Teletherapy can seem overly complicated to some therapists. The truth is, once you get the hang of the platform that you will be using, therapy sessions can look a whole lot like traditional therapy sessions. Therapists have quite a bit of variety as to the specific teletherapy activities they use with their kiddos, and can even be creative when coming up with other ways to aid progress. There are a range of teletherapy games and worksheets that are available for use in occupational therapy teletherapy sessions.
When it comes to virtual therapy sessions, understanding how teletherapy works may be the first hurdle for occupational therapists to overcome.
Here are just a few examples:
Websites that offer teletherapy games and online worksheets for OT virtual sessions
These teletherapy games can be added to Google classroom or other online therapy platforms , or emailed to parents for activity ideas.
Mazes in teletherapy games
Maze activities are an excellent way to work on spatial awareness, fine motor skills, hand-eye coordination, bilateral integration, problem solving skills, and more. Here are more specific ways to work on fine motor skills in teletherapy sessions. During teletherapy sessions, children can go “old school” and use a printed maze on a piece of paper with a pen or pencil to develop these skills.
However, some therapists may opt to use digital mazes to incorporate finger isolation and more defined visual skills such as tracking and scanning. Many therapists find that additional variations within mazes (such as hiding a math problem, or a picture to color) at the end of the maze allow them to further address areas of concern for a child, while making the activity fun and motivating.
Puzzles in Occupational therapy teletherapy
As one of the most versatile activities known to therapists, puzzles can easily be graded up or down to accommodate children of all ages, developmental abilities, and needs. Children may use downloadable strategy-based puzzles that can be completed right on their computers, or standard print-and-complete activities.
These activities can work on developing visual skills such as perception and recognition, visual memory, spatial awareness, and hand-eye coordination, along with fine motor skills and activity tolerance.
Handwriting in OT teletherapy
Handwriting can be addressed in a variety of unique ways through teletherapy sessions. Therapists may opt to have children use digital features of their teletherapy platform in order to enhance skills such as finger isolation, visual acuity, and tolerance for tasks that may cause visual fatigue (along with practicing taking breaks and chunking the activity as needed).
Therapists can use in-person manipulatives such as playdoh, pom poms, tongs, shaving cream, sand, magnetic letters for tracing, wikki stix, theraputty, theraband, and finger spacers to complete handwriting activities that work on spacing, placement, force modulation, formation, hand fatigue, grasp pattern, and more.
Household items to use in Teletherapy Handwriting Activities
One of my personal favorite handwriting activities that I believe works very well via teletherapy is a “toolkit” of sorts to address appropriate amounts of pressure when writing. Children can use a variety of household materials, such as foil, wax paper, wrapping paper, bubble wrap, toilet paper, and cardstock, to practice using the right amount of pressure with their pencil to elicit the letters they need to write.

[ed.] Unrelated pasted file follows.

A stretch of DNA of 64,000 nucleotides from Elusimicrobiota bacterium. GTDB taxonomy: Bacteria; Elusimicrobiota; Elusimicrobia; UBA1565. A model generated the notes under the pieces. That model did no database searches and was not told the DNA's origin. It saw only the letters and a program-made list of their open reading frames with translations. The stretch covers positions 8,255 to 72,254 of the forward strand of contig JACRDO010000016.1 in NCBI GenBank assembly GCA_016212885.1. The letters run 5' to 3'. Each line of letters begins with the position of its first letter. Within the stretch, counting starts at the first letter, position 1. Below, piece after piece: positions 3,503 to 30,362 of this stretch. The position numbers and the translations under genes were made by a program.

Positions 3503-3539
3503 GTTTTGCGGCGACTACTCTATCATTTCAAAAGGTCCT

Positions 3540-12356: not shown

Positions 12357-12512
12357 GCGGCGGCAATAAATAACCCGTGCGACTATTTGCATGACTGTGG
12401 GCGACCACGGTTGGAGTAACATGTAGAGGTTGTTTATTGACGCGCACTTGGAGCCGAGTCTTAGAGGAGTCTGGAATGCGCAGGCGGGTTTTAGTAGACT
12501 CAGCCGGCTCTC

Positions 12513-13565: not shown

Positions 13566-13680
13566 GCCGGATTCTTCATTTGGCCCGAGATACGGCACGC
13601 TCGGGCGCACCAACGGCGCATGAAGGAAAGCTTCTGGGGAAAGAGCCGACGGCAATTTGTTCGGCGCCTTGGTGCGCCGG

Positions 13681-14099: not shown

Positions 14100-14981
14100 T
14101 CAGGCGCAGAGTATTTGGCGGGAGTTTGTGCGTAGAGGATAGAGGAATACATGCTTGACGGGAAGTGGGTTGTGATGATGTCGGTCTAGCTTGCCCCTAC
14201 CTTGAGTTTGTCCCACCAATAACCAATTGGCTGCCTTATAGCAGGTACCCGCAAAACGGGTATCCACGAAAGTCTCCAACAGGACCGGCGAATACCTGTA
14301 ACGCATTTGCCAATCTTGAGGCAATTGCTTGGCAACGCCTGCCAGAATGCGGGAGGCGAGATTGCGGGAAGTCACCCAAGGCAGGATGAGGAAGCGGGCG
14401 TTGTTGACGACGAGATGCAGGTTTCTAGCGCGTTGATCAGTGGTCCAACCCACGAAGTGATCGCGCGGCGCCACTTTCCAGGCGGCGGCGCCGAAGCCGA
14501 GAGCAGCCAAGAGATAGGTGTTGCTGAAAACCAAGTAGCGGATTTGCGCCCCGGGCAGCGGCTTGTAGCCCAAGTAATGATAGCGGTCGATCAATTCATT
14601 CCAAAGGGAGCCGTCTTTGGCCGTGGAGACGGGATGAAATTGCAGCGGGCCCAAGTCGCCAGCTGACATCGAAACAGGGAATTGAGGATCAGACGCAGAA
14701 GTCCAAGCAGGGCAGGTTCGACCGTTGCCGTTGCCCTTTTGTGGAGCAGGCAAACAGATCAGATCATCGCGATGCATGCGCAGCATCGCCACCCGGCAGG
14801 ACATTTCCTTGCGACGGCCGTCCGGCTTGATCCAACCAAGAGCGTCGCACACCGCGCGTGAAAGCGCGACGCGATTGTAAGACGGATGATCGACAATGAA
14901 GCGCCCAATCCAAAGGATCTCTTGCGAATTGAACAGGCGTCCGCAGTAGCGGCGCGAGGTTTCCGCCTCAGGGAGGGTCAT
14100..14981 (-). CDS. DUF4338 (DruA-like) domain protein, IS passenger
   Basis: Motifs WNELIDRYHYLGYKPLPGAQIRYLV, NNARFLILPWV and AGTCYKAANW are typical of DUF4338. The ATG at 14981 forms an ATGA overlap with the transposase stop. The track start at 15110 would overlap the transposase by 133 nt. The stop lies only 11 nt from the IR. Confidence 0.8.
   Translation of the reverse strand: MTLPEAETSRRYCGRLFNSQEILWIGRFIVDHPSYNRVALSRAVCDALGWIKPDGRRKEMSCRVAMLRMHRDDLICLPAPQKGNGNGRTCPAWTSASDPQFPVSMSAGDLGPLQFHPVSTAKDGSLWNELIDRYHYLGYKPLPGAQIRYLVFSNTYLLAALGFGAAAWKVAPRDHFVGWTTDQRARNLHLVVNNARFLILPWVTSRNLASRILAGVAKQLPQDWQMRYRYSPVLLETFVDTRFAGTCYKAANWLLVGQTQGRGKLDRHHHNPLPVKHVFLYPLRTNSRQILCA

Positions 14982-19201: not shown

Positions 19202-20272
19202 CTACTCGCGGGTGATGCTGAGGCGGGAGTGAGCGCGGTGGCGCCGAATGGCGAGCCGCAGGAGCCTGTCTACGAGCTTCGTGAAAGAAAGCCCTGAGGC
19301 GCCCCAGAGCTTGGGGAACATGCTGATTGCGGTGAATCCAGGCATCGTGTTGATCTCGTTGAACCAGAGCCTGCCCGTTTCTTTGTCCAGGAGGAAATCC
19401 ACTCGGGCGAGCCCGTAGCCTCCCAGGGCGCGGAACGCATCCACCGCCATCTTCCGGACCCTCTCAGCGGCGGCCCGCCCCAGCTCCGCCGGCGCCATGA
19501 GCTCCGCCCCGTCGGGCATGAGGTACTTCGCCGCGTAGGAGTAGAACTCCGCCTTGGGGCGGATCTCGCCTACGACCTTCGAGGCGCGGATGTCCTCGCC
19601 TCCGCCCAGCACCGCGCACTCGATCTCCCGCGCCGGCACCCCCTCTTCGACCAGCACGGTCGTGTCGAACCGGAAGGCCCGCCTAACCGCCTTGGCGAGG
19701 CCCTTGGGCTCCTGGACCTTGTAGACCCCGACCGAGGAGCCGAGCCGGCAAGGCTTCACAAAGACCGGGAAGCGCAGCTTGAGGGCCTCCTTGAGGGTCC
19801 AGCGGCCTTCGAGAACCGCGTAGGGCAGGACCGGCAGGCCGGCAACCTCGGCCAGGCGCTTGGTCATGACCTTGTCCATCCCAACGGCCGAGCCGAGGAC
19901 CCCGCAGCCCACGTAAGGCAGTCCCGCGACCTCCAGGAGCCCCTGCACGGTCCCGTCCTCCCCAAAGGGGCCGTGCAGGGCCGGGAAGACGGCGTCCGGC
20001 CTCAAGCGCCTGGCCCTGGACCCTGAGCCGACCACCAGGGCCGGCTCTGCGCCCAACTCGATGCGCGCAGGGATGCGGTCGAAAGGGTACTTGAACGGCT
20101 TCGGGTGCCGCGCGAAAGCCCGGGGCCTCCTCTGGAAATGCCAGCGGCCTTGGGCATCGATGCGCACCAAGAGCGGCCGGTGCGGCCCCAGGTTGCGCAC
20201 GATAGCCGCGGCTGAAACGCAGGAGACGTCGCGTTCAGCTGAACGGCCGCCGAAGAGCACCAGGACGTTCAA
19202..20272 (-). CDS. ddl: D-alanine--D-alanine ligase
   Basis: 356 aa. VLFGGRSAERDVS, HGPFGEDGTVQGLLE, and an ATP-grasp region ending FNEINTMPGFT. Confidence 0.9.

You can even turn this into a scavenger hunt where children find these items (with some help from mom, dad, or a family member who conveniently hid them around the workspace in their computer room!).
Helping Kids Understand Teletherapy Games
With just a little creativity (or some searching on the OT Toolbox or Pinterest), therapists can make a teletherapy session both beneficial and fun for the children they are working with. There may be some additional planning on behalf of parents and family members to help things run smoothly, but teletherapy can be an incredibly rewarding experience for children, families, and therapists.
However, children who have previously received occupational therapy services in a face-to-face setting may feel uneasy completing tasks virtually. Here is a fun book to help explain why they are now working on these activities and skills with their therapist through a computer screen.
Affiliate links are included below.
Why is there a person in my computer? is a child’s guide to understanding what teletherapy is and how it can help with a variety of medical concerns. This story follows Andrew, a child with visual deficits who is having difficulty playing hockey, performing well in school, and working on his art. He meets a therapist named Brittany who guides him through his first teletherapy session, and he loves it! This picture book helps children understand what teletherapy is, what makes it different from other therapies, and how it can help them live better lives. Children may also enjoy the supplemental activity guide complete with coloring pages, fact sheets, and more!
This blog post was written by Brittany Ferri. Brittany is an occupational therapist, author, and teletherapy professional. She is passionate about education, health promotion, and disease prevention for all. Brittany currently practices in community-based teletherapy for two platforms, one that serves pediatrics (geared toward mental health diagnoses and